P05: Low-dose radiotherapy for the treatment of pleural recurrence of thymic carcinoma
Poster Session

P05: Low-dose radiotherapy for the treatment of pleural recurrence of thymic carcinoma

Changlu Wang, Lanting Gao

Radiation Oncology, Shanghai Chest Hospital, Shanghai 200231, China

Background: Pleural recurrence is a common type of failure in some late-staged thymic carcinomas even after primary mediastinal mass is completely removed or well controlled. Generally, systemic chemotherapy would be firstly chosen by most oncologists. But it becomes challenging when chemotherapy shows no efficacy or the tumor relapses after response. In most cases, this group of patients has received high-dose radiotherapy to the mediastinal tumor bed before the pleural recurrence is confirmed. Due to normal tissue (lung, heart, etc.) dose restriction, high dose radiotherapy to the pleural lesions would be highly risky. From Nov 2011, we started trying low-dose intensity modulated radiotherapy (IMRT) as a palliative treatment to these patients.

Methods: Patients included in this trial should meet the following criteria: (I) pathologically diagnosed thymic carcinoma; (II) primary mediastinal tumor was resected or well controlled by other means; (III) new pleural lesions were detected during the follow-up; (IV) chemotherapy failed or tumor relapsed after response; (V) adequate pulmonary and cardiac function. The radiotherapy was conducted using IMRT technique and the dose was prescribed below 40 Gy. The gross tumor volume (GTV) should cover all visible lesions.

Results: From Nov 2011 to Feb 2015, there have been 14 patients (male:female =9:5) included in this study. The pathological subtype distribution is squamous carcinoma in 12 patients, lymphoepithelioa-like carcinoma in 1 and thyroid carcinoma showing thymus-like differentiation (CASTLE) in 1. According to Masaoka staging definition, three, seven and four patients are classified as stage III, IVa and IVb respectively when initially diagnosed. Surgery was conducted as first-line treatment in twelve patients to macroscopically remove their intrathoracic tumors, and another two patients received chemoradiotherapy to control mediastinal tumors. The median time between the first-line treatment and pleural recurrence is 18 [7–55] months. There are two patients who received 3 times of IMRT for the recurrence on the different parts of the pleura. There are also three patients who received 2 times. Totally there are 21 courses of IMRT completed in this study. The median dose is 30 [20–40] Gy. The median tumor volume is 27 [8–190] mL. The response rate is 100% (CR:PR =11:10). No tumor progression inside the radiation field is discovered until now. The median local control time is 10 [4–44] months. There are two patients who developed grade 3 pneumonitis induced by radiation. Another 58-year-old male patient died of grade 5 pneumonitis because he suffered a right phrenic nerve injury in the surgery which resulted in the lifting of right diaphragm and increased the proportion of lung volume exposing to X-ray.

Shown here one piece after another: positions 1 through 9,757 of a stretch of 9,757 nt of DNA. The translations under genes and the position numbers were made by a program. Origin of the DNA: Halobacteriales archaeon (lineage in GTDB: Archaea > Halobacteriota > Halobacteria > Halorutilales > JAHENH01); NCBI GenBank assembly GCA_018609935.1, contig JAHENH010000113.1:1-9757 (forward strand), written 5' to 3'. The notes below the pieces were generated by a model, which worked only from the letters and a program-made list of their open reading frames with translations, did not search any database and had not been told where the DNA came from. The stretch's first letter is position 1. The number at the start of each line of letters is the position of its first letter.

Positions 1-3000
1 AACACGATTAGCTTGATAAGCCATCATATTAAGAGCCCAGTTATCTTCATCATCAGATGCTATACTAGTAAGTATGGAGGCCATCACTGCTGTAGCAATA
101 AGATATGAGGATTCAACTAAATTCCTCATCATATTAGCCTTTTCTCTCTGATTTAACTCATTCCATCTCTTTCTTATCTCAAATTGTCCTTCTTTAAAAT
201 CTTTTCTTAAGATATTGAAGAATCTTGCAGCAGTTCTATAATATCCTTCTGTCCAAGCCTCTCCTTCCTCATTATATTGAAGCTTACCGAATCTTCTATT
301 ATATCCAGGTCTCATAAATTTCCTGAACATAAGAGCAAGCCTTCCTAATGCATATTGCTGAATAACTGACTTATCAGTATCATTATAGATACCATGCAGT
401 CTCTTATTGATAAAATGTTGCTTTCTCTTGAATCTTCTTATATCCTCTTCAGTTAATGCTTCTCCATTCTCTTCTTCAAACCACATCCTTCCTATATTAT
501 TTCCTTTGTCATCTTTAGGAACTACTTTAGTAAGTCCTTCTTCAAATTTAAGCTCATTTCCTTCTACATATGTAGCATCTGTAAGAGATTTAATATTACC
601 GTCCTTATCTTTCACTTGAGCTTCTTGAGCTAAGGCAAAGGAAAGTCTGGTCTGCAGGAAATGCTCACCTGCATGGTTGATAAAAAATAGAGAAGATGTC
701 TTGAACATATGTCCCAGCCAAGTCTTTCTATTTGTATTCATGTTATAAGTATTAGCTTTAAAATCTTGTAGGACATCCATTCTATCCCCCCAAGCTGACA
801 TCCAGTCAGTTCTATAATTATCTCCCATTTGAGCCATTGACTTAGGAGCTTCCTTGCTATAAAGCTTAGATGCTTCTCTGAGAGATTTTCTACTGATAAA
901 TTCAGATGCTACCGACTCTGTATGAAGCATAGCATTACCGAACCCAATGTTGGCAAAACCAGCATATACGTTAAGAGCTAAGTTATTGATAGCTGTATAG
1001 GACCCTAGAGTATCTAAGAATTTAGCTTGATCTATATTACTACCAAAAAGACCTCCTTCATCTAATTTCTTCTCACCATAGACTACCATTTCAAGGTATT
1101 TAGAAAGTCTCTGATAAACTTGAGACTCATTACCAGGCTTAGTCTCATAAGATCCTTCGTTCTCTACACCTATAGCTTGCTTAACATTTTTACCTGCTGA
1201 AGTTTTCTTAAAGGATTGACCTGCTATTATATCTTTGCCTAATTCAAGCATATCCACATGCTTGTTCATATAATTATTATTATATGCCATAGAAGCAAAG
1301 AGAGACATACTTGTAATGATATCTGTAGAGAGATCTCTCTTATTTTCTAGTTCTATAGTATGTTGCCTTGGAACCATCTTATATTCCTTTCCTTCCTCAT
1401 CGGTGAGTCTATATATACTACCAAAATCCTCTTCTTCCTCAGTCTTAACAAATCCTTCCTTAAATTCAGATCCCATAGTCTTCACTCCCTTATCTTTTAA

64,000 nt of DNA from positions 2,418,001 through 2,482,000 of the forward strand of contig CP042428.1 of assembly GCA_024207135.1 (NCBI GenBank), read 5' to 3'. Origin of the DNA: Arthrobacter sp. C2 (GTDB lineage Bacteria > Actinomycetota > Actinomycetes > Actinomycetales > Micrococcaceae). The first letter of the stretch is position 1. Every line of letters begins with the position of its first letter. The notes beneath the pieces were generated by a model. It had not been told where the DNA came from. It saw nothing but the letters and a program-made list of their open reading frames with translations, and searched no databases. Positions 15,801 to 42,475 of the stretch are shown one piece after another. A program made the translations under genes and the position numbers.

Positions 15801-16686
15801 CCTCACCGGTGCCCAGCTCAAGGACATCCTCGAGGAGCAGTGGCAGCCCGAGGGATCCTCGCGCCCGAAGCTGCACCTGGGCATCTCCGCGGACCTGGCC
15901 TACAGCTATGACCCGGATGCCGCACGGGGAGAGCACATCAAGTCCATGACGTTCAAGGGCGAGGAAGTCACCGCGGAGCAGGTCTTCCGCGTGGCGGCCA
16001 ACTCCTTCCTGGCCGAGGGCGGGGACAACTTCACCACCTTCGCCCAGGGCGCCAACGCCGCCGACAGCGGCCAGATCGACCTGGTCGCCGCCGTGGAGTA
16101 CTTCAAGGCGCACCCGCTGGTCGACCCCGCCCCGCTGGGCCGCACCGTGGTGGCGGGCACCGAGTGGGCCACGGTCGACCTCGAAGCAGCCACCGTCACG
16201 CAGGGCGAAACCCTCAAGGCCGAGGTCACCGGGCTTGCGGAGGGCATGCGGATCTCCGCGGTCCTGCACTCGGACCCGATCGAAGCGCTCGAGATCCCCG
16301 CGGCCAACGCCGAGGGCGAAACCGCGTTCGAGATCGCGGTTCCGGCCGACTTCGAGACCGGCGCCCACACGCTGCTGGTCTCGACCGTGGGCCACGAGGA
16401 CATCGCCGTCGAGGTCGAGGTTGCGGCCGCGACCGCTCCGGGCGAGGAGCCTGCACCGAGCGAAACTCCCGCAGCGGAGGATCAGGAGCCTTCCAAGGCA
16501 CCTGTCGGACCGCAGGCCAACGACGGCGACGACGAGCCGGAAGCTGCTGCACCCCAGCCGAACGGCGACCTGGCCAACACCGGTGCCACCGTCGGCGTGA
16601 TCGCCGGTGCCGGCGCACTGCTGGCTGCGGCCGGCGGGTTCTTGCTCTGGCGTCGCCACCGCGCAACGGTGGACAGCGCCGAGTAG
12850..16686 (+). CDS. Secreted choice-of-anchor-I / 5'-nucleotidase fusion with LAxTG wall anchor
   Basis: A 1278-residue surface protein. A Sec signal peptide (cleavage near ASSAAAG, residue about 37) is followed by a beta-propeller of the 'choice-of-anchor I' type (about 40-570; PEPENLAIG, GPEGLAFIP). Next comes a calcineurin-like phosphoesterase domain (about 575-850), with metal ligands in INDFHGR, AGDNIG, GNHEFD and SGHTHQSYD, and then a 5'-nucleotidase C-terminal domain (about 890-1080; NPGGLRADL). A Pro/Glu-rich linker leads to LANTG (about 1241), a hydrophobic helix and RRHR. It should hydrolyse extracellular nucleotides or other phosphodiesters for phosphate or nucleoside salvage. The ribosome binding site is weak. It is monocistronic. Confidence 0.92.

Conclusions: IMRT showed excellent local control effect in the management of pleural recurrence of thymic carcinoma even with a dose as low as 20 Gy. At the same time, the in-field progression free survival time is also encouraging. But for cases with phrenic nerve injury, the potential high risk should not be neglected.

Keywords: Thymic carcinoma; pleural recurrence; radiotherapy

doi: 10.3978/j.issn.2072-1439.2015.AB074

Cite this abstract as: Wang C, Gao L. P05: Low-dose radiotherapy for the treatment of pleural recurrence of thymic carcinoma. J Thorac Dis 2015;7(Suppl 3):AB074. doi: 10.3978/j.issn.2072-1439.2015.AB074

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